What about the plan to send some Rohingya refugees to a remote island?
Bangladesh has been building roads, sea defences and shelters on Bhasan Char, a silt island that emerged from the muddy waters of the Bay of Bengal less than two decades ago.
In April the Bangladeshi Prime Minister, Sheikh Hasina, confirmed that her government planned to move 100,000 Rohingya refugees to the low-lying island. “The camps are unhealthy,” she said. “We have prepared a better place for them to live, with houses and shelters where they can earn a living.”
The UN and aid agencies remain very anxious about the plan. They fear that any refugees relocated to Bhasan Char would be isolated, trapped at the mercy of cyclones, floods and human traffickers.
So when are the Rohingya refugees likely to return to their homes in Myanmar?
That is what most refugees in the camps say they want to happen.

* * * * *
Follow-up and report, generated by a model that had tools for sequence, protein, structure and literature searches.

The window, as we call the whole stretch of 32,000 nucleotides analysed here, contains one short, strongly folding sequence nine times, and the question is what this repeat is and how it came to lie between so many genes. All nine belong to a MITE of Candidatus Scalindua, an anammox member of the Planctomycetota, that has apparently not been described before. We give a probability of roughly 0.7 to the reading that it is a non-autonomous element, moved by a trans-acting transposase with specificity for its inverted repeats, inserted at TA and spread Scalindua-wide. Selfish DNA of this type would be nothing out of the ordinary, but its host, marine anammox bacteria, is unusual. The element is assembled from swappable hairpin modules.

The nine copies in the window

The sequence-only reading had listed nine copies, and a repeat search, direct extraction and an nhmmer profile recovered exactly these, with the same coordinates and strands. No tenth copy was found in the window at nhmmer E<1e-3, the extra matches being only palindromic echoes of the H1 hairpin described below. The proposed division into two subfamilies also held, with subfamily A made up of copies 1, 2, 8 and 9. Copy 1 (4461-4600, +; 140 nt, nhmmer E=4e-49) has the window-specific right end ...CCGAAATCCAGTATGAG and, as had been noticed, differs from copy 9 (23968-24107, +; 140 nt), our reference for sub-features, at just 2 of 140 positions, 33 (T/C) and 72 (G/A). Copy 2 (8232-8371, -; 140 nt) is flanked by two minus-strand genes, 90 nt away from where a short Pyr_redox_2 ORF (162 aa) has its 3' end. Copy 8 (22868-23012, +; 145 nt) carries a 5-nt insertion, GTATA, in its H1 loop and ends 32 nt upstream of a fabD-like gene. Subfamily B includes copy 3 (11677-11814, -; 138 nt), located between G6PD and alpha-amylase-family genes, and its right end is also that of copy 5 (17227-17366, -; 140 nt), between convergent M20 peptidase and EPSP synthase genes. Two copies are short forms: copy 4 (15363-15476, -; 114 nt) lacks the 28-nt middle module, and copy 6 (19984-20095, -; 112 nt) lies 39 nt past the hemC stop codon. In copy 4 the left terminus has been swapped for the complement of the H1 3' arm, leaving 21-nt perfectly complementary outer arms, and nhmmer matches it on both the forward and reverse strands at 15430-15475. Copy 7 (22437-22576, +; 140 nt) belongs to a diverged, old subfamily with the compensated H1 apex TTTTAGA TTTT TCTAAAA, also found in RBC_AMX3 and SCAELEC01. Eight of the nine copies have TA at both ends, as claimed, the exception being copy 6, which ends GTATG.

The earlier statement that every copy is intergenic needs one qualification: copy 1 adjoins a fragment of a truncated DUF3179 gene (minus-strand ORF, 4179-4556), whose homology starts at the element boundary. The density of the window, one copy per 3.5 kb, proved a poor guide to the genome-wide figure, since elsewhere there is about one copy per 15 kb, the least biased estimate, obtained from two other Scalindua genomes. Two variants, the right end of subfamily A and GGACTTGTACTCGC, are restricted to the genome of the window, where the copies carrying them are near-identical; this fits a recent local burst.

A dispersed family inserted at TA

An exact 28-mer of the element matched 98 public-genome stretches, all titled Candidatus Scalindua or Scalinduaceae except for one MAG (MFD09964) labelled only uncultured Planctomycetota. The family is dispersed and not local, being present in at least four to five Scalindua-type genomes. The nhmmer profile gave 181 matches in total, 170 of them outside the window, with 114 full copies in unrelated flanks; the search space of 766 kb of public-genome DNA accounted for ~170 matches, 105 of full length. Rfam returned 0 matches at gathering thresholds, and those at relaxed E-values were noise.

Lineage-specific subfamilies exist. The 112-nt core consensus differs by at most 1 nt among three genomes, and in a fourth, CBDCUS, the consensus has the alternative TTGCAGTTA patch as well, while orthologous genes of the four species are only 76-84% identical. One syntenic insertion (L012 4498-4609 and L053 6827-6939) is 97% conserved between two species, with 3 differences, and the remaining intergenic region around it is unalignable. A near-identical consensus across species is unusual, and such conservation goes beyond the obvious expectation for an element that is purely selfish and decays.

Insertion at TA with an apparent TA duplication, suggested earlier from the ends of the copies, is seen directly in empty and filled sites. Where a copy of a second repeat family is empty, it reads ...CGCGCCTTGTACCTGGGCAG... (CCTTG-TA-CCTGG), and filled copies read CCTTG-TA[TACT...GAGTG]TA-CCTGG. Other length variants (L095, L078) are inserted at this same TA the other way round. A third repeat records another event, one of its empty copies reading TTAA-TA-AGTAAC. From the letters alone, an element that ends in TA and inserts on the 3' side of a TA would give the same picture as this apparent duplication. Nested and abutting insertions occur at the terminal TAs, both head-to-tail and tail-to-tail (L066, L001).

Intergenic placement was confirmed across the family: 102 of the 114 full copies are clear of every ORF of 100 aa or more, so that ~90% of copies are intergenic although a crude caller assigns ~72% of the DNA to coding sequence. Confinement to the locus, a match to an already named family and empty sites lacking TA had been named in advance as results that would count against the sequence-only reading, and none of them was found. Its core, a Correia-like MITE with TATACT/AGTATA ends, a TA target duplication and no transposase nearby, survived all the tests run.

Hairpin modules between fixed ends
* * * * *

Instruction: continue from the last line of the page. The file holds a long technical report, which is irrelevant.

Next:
A repatriation agreement was signed between Bangladesh and Myanmar in November last year. Almost six months on and not a single refugee has yet returned home – with a claim by Myanmar that it had repatriated a family of five dismissed by Bangladesh as a “farce”.
Bangladesh says the fault lies with Myanmar. “Myanmar says they are ready to take back the Rohingya but they are not taking the initiative,” Sheikh Hasina has said.
Myanmar, on its part, says it has been verifying refugees for repatriation, but Bangladesh has not provided all the information required.
It says it will allow UN agencies to help with the return of some of the redfugees, and that it will ensure that refugees can come back “without fear”.
A few refugees may be repatriated in the coming months but the truth is that no-one expects the bulk of the Rohingya in Bangladesh to go back to Myanmar anytime soon.
What effect is this having on people in the camps?
An assessment of the mental health needs of the populations of the camps makes depressing reading.
Only a third of respondents felt safe in the camps and two-thirds of adults said they experienced constant grief for lost family members and their previous lives.
Three-quarters of adults said they felt sad all the time.